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Adventures of a teenage suffragette from Honley; Dora inspired by speech given at Huddersfield Market Cross.

DORA Thewlis was born in Honley in 1890, one of several children born to James and Eliza Thewlis.

At the time of Dora's birth James was working as a weaver - not a well-paid occupation - and Eliza and her eldest daughter were also working in the mill.

At the age of 10 Dora would has ve also worked in the mill part-time and spent the rest of the day at school.

Education ended at 12 and fulls -time work among the looms beckoned, along with dangerous conditions and poor pay. s There is nothing particularly remarkable here - this was the lot of thousands of families at the time.

People spent little time in one house, having to move to where the work was.

What makes Dora's life so fascinating occurred when she reached the age of 16.

In 1906 she witnessed an inspirational lady called Mrs Emmeline Pankhurst speak to the crowds at Market Cross in Huddersfield.

From that moment, she was thrown into an adventure which took her far from home - to the bustling streets of London.

It is not long before Dora finds herself in prison.

Her crime? Marching through the city with an army of suffragettes, demanding women get the right to vote.

Dora's life, women's struggles and, indeed, the struggles of ordinary folk to make ends meet, are brought to life in a new book by Sue Reid.

Give Us The Vote! - part of the My True Story series - is a semi-fictional account of real people dealing with real issues.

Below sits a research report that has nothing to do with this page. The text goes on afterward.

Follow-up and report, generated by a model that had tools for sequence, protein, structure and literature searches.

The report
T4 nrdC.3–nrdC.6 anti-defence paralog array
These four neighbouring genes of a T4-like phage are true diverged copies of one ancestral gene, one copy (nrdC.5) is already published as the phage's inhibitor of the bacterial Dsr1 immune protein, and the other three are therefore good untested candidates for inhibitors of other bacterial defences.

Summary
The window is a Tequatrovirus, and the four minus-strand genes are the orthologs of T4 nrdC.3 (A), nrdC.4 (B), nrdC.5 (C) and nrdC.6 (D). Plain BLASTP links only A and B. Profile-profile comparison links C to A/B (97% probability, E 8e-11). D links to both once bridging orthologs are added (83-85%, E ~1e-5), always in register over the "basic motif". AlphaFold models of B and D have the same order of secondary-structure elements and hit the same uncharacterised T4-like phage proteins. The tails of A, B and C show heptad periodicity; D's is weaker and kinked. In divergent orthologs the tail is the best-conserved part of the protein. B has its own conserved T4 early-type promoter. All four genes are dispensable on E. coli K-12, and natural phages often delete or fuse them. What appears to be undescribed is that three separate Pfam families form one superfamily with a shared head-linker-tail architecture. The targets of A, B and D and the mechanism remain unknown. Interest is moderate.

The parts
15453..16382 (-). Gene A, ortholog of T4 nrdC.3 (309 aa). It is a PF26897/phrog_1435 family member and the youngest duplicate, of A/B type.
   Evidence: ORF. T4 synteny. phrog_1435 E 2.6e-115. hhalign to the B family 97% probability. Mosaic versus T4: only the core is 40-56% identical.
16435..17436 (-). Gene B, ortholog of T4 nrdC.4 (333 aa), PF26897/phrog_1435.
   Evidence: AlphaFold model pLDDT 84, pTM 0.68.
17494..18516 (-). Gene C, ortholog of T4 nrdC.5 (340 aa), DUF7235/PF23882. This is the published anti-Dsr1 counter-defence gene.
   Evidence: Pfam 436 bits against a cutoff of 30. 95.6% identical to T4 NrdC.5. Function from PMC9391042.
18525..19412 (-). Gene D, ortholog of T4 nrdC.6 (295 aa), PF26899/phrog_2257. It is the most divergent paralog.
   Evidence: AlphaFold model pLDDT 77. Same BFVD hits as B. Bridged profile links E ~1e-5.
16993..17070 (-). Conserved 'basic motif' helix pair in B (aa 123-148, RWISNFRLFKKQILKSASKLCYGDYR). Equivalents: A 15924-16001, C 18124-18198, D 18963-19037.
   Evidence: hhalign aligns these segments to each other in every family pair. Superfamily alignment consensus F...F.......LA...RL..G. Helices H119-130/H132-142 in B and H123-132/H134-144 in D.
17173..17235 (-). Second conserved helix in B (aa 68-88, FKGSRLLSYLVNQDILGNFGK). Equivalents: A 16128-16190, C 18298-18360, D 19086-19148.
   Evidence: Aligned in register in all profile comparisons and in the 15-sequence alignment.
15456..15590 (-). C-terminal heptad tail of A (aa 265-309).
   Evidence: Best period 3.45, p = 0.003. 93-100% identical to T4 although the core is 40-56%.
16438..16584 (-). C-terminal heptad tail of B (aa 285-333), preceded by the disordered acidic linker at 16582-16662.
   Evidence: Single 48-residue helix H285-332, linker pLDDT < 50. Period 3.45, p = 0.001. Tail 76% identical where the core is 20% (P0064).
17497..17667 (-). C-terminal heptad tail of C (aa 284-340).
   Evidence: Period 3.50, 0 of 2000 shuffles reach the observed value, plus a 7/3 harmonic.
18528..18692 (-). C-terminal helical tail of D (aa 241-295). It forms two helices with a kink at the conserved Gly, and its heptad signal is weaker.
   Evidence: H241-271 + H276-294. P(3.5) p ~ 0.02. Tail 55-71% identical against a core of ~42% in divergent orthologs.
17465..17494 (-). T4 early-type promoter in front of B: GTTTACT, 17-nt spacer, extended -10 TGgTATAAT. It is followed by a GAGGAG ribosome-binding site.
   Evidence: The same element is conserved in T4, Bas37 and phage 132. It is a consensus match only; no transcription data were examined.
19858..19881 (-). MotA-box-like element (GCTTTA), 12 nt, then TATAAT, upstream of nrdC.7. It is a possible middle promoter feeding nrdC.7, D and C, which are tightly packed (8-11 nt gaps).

Dora's tale may be partly a product of the imagination, but the author has spent much time researching to provide copious detail of the subject and her struggles.

"When I first saw the picture postcard of a young suffragette outside Parliament, her arms in the grip of two burly policemen, I was intrigued," said Sue.

"Who was she, I wondered. How did such a young girl come to be a suffragette? "We will probably never know the whole truth of Dora's involvement with the suffragette movement in 1906-07, but there is one thing we can be sure of: Dora's courage and commitment, which took her to London and then to prison for the cause," she added.

Sue Reid has written several books in the Scholastic Children's Books My Story series.

Give Us The Vote, primarily an educational tool, will no doubt find favour among a wider Huddersfield readership, not least because it deals with a determined Honley lass devoted to a cause.

The blend of fact and fiction should not detract from what is a compelling tale of courage, misery and humiliation set in a turning point in the history of women.

* Give Us The Vote! by Sue Reid, Scholastic Children's Books, pounds 6.99 (paperback)


WOMEN'S MOVEMENT: Main picture, the cover of Sue Reid's book, and, above, Eleanor Rathbone MP supporting the Liverpool women's suffragette movement, pictured third left (TM copyright) INSPIRATION: Right, Suffragette Emmeline Pankhurst making a speech in 1910 and above a photo portrait
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Title Annotation:Features
Publication:Huddersfield Daily Examiner (Huddersfield, England)
Date:Apr 23, 2011
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